Posted by: Jennie Robbiano
Originally Published in News@Northeastern on November 24, 2015
By Noelle Shough
For nearly 50 years, The Boston Phoenix was Boston’s alternative newspaper of record, the first word on social justice, politics, as well as the arts and music scene. Its intrepid journalists tackled issues from safe sex and AIDS awareness to gay rights, marriage equality, and the legalization of marijuana. Ads for roommates, romantic mates, and band mates—one could find all these and more in the newspaper’s probing, irreverent, entertaining pages.
It ceased publication in March 2013, but the Phoenix will be preserved for posterity—thanks to owner Stephen Mindich’s decision in September to donate the paper’s archives to Northeastern’s Snell Library.
Snell’s Archives and Special Collections already houses an impressive array of historical records of Boston’s social movements, including civil and political rights, immigrant rights, homelessness, and environmental justice.
“The Phoenix never shied away from covering topics of neighborhood interest, supporting the rights of individuals and groups,” says Will Wakeling, dean of University Libraries. “So it will form a perfect complement to this growing collection.”
LOCAL HISTORY WRIT LARGE
Mindich’s gift encompasses much more than The Boston Phoenix. The archives include sister publications in Worcester, Massachusetts, Portland, Maine, and Providence; Boston After Dark; The Real Paper; the alternative programming of WFNX FM; and Stuff and Stuff at Night magazines. These sources, including a full Web archive of material not included in the print editions, provide a richly nuanced perspective on how people thought and put ideas into action when it came to social issues and social justice from the 1960s to the near-present day. They are documentation of the ways social change happens.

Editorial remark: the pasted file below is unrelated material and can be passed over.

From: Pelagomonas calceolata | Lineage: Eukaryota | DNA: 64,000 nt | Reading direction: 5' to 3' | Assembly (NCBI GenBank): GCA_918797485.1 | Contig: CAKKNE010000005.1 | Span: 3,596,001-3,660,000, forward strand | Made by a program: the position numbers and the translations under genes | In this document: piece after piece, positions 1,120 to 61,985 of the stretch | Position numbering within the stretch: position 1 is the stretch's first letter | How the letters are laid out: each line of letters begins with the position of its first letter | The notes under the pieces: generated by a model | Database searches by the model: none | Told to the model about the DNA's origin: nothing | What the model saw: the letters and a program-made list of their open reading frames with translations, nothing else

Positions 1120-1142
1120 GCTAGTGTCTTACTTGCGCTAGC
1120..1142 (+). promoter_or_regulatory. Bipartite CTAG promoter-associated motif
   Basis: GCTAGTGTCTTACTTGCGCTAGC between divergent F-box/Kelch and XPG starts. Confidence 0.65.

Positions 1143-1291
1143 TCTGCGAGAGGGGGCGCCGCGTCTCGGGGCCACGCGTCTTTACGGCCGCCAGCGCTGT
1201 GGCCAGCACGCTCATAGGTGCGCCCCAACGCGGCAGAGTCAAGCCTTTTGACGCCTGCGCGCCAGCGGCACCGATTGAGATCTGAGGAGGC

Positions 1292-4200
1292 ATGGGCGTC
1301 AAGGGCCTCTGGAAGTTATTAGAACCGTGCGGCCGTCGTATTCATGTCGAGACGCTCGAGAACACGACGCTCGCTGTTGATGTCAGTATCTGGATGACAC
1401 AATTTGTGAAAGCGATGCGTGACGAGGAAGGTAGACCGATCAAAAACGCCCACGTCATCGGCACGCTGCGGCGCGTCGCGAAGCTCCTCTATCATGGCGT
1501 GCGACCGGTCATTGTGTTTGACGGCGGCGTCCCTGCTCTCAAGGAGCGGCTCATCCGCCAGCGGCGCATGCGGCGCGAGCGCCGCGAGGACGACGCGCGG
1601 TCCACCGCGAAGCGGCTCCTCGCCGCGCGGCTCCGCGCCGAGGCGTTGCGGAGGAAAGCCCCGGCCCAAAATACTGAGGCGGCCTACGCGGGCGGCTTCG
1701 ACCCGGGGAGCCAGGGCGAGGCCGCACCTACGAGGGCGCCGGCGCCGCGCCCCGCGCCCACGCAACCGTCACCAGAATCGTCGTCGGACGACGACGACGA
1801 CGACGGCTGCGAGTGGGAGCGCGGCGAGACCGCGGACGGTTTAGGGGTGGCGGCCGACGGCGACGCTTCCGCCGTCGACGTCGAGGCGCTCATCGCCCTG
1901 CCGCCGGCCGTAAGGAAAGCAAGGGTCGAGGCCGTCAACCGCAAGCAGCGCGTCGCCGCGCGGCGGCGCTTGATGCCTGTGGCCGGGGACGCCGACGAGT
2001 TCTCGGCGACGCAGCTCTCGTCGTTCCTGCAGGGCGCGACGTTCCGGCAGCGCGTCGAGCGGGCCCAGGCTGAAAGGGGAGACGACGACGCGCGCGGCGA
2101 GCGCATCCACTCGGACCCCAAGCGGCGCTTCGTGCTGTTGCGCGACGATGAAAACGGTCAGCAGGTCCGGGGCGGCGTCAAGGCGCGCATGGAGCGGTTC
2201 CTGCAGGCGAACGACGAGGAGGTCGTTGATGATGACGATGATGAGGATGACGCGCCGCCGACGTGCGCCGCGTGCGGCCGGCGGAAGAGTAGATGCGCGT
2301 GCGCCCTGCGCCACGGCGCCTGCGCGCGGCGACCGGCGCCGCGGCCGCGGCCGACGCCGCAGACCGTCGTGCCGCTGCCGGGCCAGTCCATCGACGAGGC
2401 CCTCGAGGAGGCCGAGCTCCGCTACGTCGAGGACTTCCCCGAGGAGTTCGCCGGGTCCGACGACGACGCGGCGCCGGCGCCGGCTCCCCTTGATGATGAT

“Our vision for the archives is digitizing all the print and making it fully text-searchable, so all that history lives on,” says Dan Kennedy, associate professor at Northeastern’s School of Journalism and a former Phoenix media columnist and nationally-known media commentator.
Adds Wakeling, “As the library works on the complex digitizing strategy, the archives will be made available to the public.”
The Boston Phoenix not only reported on the news, it made the news. In 1987, during the height of the AIDS crisis, it distributed 150,000 condoms to readers. In 2001, Phoenix reporter Kristen Lombardi described troubling patterns in how Catholic Church leaders were transferring priests accused of sexually abusing children to new parishes. The alternative weekly also followed the evolving rights of the LGBTQ community.
“A great strength of the paper was also its arts coverage, which is also Stephen’s passion,” notes Kennedy. In 1994, writer Lloyd Schwartz won the Pulitzer Prize for Criticism for his coverage of classical music. Many former Phoenix writers—Susan Orlean, David Denby, Mark Leibovich, and Michael Rezendes among them—went on to illustrious careers at top U.S. newspapers and magazines.
Though Boston’s anti-establishment spirit has faded somewhat over the years, Mindich’s donation ensures that its history never will. “Scholars and researchers in this area will be licking their lips in anticipation,” says Wakeling.